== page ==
Sunday, May 8, 2011


After  Brandy (my dog that had been a huge part of my life for 20 years)  died and my marriage ended, the kids and I lived with one dog for a couple of months, but I decided we needed some extra happiness in our lives. That happiness came in the form of a dog named Happy, who was always wagging his tail with excitement. We found him at the San Francisco Humane Society. Where Odie (our Australian Shephard mix)  was mellow, Happy was happy. Where Odie was subdued, Happy was happy. Where Odie was lethargic, Happy was happy. Happy always wanted to play; Odie preferred it if he stayed away. Although being a single mother in a large house with two dogs was a huge responsibility, I never allowed fear to dictate my decisions.

In 2006, when unexpected brain surgery complications forced the dogs to live alone for several months, Happy and Odie kept each other company and stayed out of trouble. They didn't escape, fight with raccoons, get unusually dirty, or injure themselves. They saved all of these things for Mommy. The latest incident involves Happy's knee.

He tore his Anterior (Cranial) Cruciate Ligament on his left rear knee. I took him to the vet because he suddenly stopped using that leg. My vet referred me to a surgeon. I did a lot of research on this condition, so I was armed with information at Happy's appointment. After discussing all the options with the surgeon, I decided to go ahead with the procedure to stabilize his knee joint.

In my research, I came across a lot of advice for getting Happy strong again. Prescribed exercises, icing, heating pads, and massage were suggested. Ok, this was starting to sound familiar. As you may know, I am quite familiar with a prescribed exercise program. I always referred to it as torture, but you may know it under
its more common name: physical therapy.

My dog needs physical therapy? Okaaaaay, that's a new one. I didn't know how I was going to do doggy rehab, when I couldn't walk him or carry him myself. Abby suggested, half-jokingly, that I make this a project for a student. I thought this was a great idea, so I wrote up a proposal and showed it to my dean.

The next day, a student with aspirations of veterinary school contacted me with interest. Lisa works with Happy twice a week, and has researched an exercise protocol to strengthen his knee. She made up data sheets for the kids and I to fill out as we implement his therapy each day. Each week, new activities will be added.

Lisa will research which exercises Happy should do AND why they should be done. She will submit an abstract to present this project at this year's SACNAS conference and next year's honor's symposium. Happy's (and our) lemons are turning out to be Lisa's cranberries!

Tuesday, May 3, 2011


How do you measure success? Success. When you read that word, what images come to your mind? We all know people that seem to succeed at everything. Everything they try works. They win many awards. They make a lot of money. They are recognized for their achievements. Their health issues are manageable.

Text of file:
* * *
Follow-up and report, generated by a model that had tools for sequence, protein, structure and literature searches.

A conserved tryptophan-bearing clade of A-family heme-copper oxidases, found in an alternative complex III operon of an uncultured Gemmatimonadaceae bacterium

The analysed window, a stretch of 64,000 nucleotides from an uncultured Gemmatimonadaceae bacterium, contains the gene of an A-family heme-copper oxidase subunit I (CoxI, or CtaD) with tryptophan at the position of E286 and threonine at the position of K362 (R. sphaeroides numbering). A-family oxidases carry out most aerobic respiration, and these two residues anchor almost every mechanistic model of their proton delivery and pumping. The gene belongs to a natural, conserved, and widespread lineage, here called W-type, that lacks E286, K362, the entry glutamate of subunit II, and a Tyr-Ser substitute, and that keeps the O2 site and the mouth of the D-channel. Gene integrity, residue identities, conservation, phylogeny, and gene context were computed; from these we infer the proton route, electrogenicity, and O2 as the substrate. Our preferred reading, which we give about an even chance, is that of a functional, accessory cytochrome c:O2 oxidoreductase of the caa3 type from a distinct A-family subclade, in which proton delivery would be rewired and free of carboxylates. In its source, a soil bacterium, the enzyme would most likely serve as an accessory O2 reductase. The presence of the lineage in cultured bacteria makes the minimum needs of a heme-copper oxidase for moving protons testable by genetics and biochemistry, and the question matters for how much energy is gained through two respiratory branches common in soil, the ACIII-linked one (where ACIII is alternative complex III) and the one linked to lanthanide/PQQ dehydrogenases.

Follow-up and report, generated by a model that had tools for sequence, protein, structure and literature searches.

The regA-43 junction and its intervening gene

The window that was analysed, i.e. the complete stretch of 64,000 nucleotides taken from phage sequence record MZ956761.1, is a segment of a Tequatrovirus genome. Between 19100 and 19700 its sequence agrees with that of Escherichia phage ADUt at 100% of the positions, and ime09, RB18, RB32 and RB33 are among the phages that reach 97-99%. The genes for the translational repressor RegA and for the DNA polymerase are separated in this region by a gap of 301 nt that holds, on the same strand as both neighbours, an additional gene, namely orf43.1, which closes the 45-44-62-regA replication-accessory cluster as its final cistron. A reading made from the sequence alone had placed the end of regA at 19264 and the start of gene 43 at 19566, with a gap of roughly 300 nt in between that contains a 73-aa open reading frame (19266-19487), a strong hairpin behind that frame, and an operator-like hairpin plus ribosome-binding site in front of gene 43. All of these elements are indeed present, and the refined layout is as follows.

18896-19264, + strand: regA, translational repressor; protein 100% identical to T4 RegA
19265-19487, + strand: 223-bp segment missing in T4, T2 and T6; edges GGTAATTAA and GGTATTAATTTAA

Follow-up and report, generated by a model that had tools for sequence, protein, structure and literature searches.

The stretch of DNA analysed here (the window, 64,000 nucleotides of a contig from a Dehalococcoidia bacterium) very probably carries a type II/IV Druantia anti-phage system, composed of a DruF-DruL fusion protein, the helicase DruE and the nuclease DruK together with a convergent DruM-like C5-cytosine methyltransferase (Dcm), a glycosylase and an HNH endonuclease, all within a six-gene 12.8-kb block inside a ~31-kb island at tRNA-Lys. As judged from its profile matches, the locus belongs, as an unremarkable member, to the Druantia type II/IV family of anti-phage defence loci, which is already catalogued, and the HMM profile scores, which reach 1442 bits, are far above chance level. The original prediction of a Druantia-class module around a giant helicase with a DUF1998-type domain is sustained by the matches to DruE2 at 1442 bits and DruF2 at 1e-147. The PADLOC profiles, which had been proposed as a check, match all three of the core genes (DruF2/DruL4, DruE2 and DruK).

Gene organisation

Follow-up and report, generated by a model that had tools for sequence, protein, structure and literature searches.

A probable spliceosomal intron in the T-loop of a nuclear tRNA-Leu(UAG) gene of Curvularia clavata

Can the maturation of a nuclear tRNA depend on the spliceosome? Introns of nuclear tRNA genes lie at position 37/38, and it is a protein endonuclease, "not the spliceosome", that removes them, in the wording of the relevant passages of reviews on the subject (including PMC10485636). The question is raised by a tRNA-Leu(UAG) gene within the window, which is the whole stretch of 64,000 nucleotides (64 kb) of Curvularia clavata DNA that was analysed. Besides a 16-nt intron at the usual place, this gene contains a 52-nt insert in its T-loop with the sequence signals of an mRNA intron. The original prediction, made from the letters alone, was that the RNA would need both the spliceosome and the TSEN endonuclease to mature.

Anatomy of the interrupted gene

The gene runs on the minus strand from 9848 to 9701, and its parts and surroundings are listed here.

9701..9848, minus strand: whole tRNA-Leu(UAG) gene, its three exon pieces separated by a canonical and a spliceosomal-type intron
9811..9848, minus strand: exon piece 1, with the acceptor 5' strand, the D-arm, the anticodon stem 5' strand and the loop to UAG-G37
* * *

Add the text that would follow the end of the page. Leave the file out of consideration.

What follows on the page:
Recently, I attended the San Francisco Ocean Film Festival. The program that Abby and I watched showcased films about shark finning, manta ray fisheries and saving whales. Based on the number of people in the theatre, the Festival was a huge success! The producers of the films were able to deliver their message. The shark-finning movie disturbed me greatly. The sight of a magnificent, powerful animal having its fins sliced off, then pushed, squirming, back into the ocean to die, was horrific. It really doesn't seem worth it for a bowl of soup!

Another successful event that I was honored to participate in again this year was the annual Expanding Your Horizons in Math and Science Conference (EYH). Young girls from all around the Bay Area attended this conference, participating in three different workshops throughout the day. Each workshop was led by a woman who uses math or science in her career. Now in its 32nd year, EYH has always been very successful.

These two events, which represent a lot of hard work by a lot of people, were measurably successful. Personal success is sometimes more difficult to measure. Some people measure their personal success by how much money they make. Others measure how much they like their job, how happy their marriage is, or how many friends they have. Part of looking for and accepting cranberries in the face of overwhelming lemons is recognizing your own, less obvious, successes.

I had four book presentations last month, and if I measure their success solely by the number of books sold, they were not very successful. But, still looking at this from a marketing perspective, telling my story to community groups can certainly lead to more community talks, which WILL eventually increase book sales. In addition, I have been told many times that my story is inspirational, and if I've inspired  even ONE person to continue to work hard despite tragedy, I consider that to be a success.

Part of being able to accept life's cranberries is the ability to modify your goals based on your own achievements or abilities. I'm NOT saying to just give up if you don't reach your goal, or to spin negative experiences into positive ones, but sometimes a modified goal can help you achieve success!